Nell nuzzled her head against me. I rubbed her nose. Her eyes fixed on me and I swear she knew.
It was barely dawn. Everyone but Jim was asleep. He insisted the night watch suited him but I think he likes to watch out for us. He says us young ones are the hope for the future but I don’t know. We’ve lost too many.
He came to meet me at the gates. ‘You taking her out?’ He nodded his approval and patted her neck. He turned the winch and the metal barricades opened. Nell stamped her feet, anxious to get going. It hadn’t affected the horses or the dogs. For some reason our natural companions had been spared, and we were grateful for this small mercy.
I rode without a mask. I breathed in a sharp lungful of sweet air, aware of the risk as I did so. In the freedom of the morning with a horse beneath me and an open field ahead of me, it was one I was content to take.
Jim nodded at me to go on. I felt fear run through me. No-one ventured out unless they had to. Not after Simon had returned, barely alive. It had taken a month for him to die.
I kicked at Nell’s flank and felt the sudden jerk of movement. We were away, kicking up clumps of damp earth, a faint mist cooling my face as she galloped on. I saw a pack of dogs in the distance. They looked well nourished. There were clearly pickings to be had. Pickings I didn’t want to dwell on. One of them approached me, its tail up, expectant. We needed dogs, good ones. He trotted along beside me, looking up at me every now again, panting a smile. Today was not the day though. When I paid him no attention, he gave up on me and ran back into the wastes.
I pulled on the reins, turning Nell onto the road south. It was the road Eve and I had ridden in on all those months ago. When we’d found the settlement, they’d welcomed us. We both knew it was because of Nell. What use was there for a half-ruined man and his pregnant wife? But one horse had carried the vote for both of us.
The metal groaned as Jim opened the gates. ‘It’s alright lad, I’ll take her now.’ I dismounted. I didn’t look at Nell again.
Eve was in the communal room, nursing our son. He pulled at her nipple, his fist slapping at her breast in frustration. I sat down next to her, putting my arm around her fragile shoulders.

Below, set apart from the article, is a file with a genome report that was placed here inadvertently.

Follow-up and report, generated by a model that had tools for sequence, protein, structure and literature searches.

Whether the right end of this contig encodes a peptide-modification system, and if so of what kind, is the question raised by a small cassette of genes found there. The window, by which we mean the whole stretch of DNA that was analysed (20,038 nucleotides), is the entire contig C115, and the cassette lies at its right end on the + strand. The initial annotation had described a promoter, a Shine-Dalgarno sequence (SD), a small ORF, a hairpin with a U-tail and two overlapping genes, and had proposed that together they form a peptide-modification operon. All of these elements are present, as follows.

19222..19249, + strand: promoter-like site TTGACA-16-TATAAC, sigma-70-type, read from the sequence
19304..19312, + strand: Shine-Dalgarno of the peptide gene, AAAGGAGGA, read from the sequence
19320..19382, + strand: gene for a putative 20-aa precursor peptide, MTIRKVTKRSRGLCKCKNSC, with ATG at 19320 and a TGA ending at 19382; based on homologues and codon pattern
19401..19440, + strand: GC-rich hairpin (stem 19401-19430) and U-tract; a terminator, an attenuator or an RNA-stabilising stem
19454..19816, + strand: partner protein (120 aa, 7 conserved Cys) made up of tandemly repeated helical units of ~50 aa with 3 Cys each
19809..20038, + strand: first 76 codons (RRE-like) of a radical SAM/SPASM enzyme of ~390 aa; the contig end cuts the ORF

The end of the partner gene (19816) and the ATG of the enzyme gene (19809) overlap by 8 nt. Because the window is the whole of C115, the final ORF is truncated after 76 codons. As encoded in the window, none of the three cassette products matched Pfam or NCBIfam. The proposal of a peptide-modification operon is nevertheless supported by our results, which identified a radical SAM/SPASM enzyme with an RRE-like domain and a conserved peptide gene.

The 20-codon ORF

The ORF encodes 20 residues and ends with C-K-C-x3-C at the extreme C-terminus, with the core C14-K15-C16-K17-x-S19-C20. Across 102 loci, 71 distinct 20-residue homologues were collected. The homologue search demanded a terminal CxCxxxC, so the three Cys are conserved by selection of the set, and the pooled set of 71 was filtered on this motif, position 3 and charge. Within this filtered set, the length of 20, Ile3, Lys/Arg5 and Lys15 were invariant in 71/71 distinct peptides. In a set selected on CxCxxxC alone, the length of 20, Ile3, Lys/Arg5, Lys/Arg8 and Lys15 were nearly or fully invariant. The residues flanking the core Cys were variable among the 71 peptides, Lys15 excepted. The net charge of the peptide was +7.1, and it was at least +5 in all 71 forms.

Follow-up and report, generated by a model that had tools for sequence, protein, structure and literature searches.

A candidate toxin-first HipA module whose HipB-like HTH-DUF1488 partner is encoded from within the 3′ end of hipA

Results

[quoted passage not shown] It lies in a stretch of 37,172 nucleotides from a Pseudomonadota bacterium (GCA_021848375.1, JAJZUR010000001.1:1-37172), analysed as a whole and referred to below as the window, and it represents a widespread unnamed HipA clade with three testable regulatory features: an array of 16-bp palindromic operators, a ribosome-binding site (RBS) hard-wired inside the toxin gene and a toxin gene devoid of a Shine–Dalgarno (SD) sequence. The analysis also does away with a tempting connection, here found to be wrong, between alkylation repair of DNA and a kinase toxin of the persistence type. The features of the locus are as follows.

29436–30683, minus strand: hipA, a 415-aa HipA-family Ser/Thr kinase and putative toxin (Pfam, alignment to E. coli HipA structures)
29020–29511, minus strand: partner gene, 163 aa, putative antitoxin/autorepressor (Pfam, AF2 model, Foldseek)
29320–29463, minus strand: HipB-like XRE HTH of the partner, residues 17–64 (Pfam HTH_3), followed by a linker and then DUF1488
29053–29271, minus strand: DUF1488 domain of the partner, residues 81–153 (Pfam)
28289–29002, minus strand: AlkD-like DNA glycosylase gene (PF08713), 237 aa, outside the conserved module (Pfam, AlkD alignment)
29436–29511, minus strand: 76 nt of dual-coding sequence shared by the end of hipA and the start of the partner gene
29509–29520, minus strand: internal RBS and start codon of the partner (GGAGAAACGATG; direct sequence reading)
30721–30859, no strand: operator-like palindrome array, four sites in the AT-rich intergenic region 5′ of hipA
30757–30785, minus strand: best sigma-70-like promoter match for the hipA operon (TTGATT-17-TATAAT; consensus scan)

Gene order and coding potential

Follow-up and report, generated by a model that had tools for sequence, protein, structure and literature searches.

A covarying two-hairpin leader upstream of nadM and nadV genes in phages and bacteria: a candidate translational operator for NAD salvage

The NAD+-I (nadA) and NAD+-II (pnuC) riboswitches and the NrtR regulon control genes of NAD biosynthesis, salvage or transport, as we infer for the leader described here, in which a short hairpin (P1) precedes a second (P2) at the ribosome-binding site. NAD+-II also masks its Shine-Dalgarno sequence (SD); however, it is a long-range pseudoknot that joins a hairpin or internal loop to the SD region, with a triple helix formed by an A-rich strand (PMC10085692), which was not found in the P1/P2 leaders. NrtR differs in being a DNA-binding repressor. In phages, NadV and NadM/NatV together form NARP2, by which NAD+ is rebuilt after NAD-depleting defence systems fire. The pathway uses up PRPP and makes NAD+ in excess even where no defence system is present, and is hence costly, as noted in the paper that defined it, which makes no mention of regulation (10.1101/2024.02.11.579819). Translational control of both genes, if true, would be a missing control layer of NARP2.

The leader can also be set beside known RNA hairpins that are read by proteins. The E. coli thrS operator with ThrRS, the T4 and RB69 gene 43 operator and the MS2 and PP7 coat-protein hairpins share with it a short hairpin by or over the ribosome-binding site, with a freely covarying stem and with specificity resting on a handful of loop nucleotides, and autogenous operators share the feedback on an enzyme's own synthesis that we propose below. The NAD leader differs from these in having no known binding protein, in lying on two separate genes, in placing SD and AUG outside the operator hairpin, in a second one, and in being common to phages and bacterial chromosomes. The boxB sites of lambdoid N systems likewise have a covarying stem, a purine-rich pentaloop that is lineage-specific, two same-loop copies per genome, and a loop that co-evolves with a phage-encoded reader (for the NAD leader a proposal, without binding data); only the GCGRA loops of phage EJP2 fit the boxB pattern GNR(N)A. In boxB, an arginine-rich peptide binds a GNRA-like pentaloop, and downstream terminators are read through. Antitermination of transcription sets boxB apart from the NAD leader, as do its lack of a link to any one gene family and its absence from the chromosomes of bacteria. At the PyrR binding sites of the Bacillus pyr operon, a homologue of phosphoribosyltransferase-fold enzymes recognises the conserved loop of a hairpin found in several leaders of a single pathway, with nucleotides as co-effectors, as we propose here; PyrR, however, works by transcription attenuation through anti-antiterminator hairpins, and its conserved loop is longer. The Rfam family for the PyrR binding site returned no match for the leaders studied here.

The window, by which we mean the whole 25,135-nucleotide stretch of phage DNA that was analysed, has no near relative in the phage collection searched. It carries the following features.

‘Is it done?’ she asked. I nodded. We would eat well tonight. Her eyes filled with tears. Then she looked down at our son. ‘Good,’ she said.
Yes, it's that time again. We're back and we're getting ready to flood the internet with flash-fictions to celebrate National Flash-Fiction Day on Saturday 16th June 2018.
The rules are the same as ever, we are open for submissions for just one week. Stories should be no more than 500 words (not including the title) and should be on whatever theme you fancy. You can submit up to three entries, and there is no cost.
7 editors (one each day) will read your work, and make their decisions, and then the deluge begins at midnight on the 16th.
I’m going to ask her tonight, definitely. Dad said, you’re not even twelve son, what’s next – extra pocket money for johnnies? Mum told him not to be vulgar, then smiled at me; that smile that makes me want to yank her to the knees by the hair: shout, I’m not a baby, Mum.
It’s in the sports hall like always, but this year they’ve got a proper DJ, not just one of the dads. There she is, all curled hair and sprayed-on glitter. I go to tap her shoulder, but James and Jeremy, in the opposite corner, look at me all, why are you going up to a girl? So, before she turns around, I jump on her back: mime a lasso at them one-handed. Dig my knees into her skinny hips and breathe in marshmallows. Then I’m falling forwards. I put out my hands but my landing is broken. I roll off. And her blood’s on my knees. More of it trapped in the grooves of my trainers.
What happened? says Mr Miller, with a face like a father’s instead of a Head’s.
And she looks at me through the bloodied fingers at her nose. …
Something in the way Mavis Mahoney says her name, Sylvia, could send her to join her Mama, above the clouds she loved staring at for hours on a bed her feet dangled over, without looking back. She keeps the echoes of her name playing in her mind while she takes her place center stage, sees the crowd for the first time, eyes hoping to hold her again.
She finds Mavis among the men too tired to fight for a place in a world that never wanted them. Among women worn down from mending or carrying their wounds. Even in all that misery, Mavis smiles, raises her hands and starts clapping until everyone pulls themselves away from drowning in reflections staring back at them through half empty glasses.
She raises the mouthpiece of her clarinet to spit shined lips, lets her breath flow through the barrel and slide down the upper and lower joints while her fingers stroke and press cold, silver keys. Surrendering the vibrations of her breath into woodwind instruments to pocke…